The first project I am looking to start is upgrading the fuel system. The boat came with an outboard-type metal tank just sitting on the aft sole, port side, under the seat adjacent to the engine compartment - not even held down with straps or brackets or anything. When new, the boat had two tanks located port and starboard on either side of the engine compartment. The aft deck fill fittings are still in place, as are the vent fittings located on either side of the hull, aft.
In the short term I will be replacing the tank on the port side, then later think about adding another at starboard. I purchased a low profile Moeller below-deck 12-gallon tank that fits the compartment nicely. Tank comes with fill, vent, fuel line fittings, and I also bought hold-down brackets. I'm not sure what structure is under the sole that would provide an adequate backing plate for the brackets, so the plan is to glass in marine plywood cleats with bi-axial tape and cloth to mount the tank on. Also have to do a little glass work on the sides of the compartment while I'm in there. Then, apply some left over 2-part epoxy primer and some topcoat paint and install the tank. All hose and fittings to ABYC standards.
My question has to do with installing a primary fuel filter/water separater because of the ethanol in today's fuel. The reading that I have done on sizing a primary filter to the engine says the filter must have adequate flow capacity such that it never restricts flow to the engine, under all operating conditions. Not sure what that flow rate is for my engine, would appreciate any input on that, as well as what filter brand are recommended for a river to costal marine environment. My plan is to glass in a mounting pad to the inside of the transom to mount the filter to.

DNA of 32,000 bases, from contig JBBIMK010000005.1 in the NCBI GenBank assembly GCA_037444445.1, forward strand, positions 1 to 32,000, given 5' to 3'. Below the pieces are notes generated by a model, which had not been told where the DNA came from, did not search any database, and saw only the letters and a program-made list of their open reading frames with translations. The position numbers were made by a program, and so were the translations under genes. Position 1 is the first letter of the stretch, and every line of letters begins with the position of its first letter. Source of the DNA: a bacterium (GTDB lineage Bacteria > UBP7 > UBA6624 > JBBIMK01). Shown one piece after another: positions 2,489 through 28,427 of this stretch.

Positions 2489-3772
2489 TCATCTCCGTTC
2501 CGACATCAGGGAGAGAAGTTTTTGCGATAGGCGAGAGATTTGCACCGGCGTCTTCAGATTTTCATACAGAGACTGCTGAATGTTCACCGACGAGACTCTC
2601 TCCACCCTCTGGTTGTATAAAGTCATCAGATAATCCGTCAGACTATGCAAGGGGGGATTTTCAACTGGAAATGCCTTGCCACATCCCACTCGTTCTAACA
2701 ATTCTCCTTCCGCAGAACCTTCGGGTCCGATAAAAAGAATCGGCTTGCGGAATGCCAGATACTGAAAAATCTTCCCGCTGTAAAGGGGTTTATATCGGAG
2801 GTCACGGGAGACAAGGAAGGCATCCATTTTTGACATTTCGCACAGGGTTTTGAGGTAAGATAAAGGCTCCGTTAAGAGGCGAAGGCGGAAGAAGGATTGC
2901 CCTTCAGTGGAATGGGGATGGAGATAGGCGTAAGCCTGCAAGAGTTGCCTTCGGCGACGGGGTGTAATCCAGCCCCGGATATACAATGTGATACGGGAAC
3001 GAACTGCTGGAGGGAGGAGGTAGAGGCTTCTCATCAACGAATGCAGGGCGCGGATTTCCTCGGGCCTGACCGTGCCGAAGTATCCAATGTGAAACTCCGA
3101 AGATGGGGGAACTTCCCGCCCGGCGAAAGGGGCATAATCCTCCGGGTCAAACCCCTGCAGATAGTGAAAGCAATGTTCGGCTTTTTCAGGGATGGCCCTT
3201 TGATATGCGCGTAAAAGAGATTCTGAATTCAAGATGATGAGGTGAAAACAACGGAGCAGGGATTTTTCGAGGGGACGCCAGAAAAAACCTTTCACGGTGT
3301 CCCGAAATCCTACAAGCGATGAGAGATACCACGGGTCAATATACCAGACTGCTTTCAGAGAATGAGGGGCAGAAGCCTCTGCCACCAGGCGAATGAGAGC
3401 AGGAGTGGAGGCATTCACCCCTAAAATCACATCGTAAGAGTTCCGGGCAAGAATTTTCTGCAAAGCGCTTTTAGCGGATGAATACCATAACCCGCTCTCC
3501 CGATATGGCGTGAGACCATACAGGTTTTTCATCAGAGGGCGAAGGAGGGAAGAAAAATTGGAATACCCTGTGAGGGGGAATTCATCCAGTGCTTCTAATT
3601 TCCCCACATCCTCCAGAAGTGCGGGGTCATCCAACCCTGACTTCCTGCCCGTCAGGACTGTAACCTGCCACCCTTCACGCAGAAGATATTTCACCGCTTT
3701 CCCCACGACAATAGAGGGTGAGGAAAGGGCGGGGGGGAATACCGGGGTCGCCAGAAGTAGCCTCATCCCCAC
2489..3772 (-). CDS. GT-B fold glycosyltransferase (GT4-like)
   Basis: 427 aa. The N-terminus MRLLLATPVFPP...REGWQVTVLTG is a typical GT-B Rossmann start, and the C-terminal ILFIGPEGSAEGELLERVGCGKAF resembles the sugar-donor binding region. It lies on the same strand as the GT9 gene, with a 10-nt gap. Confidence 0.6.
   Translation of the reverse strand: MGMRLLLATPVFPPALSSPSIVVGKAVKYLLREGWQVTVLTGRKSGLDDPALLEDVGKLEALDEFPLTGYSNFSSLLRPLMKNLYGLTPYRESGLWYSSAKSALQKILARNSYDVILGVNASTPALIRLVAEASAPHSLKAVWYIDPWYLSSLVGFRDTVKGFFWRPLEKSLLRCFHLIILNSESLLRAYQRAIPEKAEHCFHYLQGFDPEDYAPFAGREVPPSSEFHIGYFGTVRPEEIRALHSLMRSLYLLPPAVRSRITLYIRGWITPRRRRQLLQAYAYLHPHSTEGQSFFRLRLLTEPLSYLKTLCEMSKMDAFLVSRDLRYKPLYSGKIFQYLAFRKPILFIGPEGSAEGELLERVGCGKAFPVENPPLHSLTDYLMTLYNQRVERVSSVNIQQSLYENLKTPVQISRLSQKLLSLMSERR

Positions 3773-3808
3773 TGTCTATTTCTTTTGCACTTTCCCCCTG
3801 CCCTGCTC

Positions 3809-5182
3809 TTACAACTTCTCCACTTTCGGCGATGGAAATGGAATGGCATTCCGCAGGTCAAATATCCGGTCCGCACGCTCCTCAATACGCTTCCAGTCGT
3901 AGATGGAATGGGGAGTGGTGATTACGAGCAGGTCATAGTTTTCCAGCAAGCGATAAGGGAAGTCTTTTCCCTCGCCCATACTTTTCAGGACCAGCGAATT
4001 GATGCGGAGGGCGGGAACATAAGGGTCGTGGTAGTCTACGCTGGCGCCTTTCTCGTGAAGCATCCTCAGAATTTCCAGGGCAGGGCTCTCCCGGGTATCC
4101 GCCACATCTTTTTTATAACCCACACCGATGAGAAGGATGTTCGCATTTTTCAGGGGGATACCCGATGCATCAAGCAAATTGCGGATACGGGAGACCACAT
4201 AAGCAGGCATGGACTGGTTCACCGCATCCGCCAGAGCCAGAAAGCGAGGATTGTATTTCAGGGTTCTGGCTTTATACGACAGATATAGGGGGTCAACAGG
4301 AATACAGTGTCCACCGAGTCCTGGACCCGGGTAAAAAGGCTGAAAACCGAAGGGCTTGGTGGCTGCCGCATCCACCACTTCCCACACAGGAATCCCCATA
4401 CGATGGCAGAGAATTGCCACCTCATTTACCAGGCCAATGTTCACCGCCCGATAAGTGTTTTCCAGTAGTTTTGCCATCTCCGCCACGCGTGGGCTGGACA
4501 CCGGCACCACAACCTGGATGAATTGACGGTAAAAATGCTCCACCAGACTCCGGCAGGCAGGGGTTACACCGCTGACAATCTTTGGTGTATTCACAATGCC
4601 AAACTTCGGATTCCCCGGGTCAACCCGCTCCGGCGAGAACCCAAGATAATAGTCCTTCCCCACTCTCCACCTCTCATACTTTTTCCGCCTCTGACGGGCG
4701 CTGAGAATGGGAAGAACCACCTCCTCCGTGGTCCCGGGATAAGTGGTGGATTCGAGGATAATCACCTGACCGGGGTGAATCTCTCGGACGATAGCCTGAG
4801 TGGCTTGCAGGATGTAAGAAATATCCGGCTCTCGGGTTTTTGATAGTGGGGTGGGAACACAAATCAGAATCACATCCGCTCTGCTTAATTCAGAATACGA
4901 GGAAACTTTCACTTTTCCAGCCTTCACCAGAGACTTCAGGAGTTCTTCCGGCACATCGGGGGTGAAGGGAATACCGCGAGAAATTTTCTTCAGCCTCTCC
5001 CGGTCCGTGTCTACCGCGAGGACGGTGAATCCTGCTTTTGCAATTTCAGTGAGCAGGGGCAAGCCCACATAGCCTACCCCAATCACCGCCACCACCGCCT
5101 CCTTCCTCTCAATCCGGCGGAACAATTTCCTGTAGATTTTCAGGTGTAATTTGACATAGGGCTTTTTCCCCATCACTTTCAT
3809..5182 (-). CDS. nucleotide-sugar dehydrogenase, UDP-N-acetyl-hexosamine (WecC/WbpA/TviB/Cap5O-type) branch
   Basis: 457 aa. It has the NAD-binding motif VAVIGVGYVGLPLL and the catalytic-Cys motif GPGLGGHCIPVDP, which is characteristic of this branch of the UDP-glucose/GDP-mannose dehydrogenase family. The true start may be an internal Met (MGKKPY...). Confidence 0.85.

Also, Jim, regarding your previous response, were you able to confim from the pictures that this boat does have an EZ drive?
Hi Marshall, good to see you back at it on the project! I believe the ff/ws is a good idea, but as Jim and I have discussed they can provide a false sense of security if not maintained regularly. Mounting a unit in the engine compartment means you must use the metal bowl version to meet USCG regulations, and that makes it more of a chore to check for water in the bowl. (Manually drain a little fuel for inspection instead of just looking in the bowl.) That being said, they do provide additional filtering and a safety net to remove most of the water from the fuel before it gets to the motor.
Also, Jim, regarding your previous response, were you able to confim from the pictures that this boat does have an EZ drive?
The 1st picture I have circled above showing the transom plate has the EZ shift switch, so yes it is an EZ shift model. Keep in mind that EZ shift ONLY allows for EZier (how do you spell that?) shifting while shifting OUT of gear with the engine running. If your boat shifts hard when shut off, your cables are junk and/or the control box needs to be lubricated.
As for the fuel filter, BRP(OMC) and Mercury marine make complete kits. BRP #174176, Merc #35-802893A4 or 35-802893A4Q4.
Sierra also makes a kit, 18-7852.
All 3 kits will work fine, but the Merc & Sierra elements are more common and interchangeable with each other.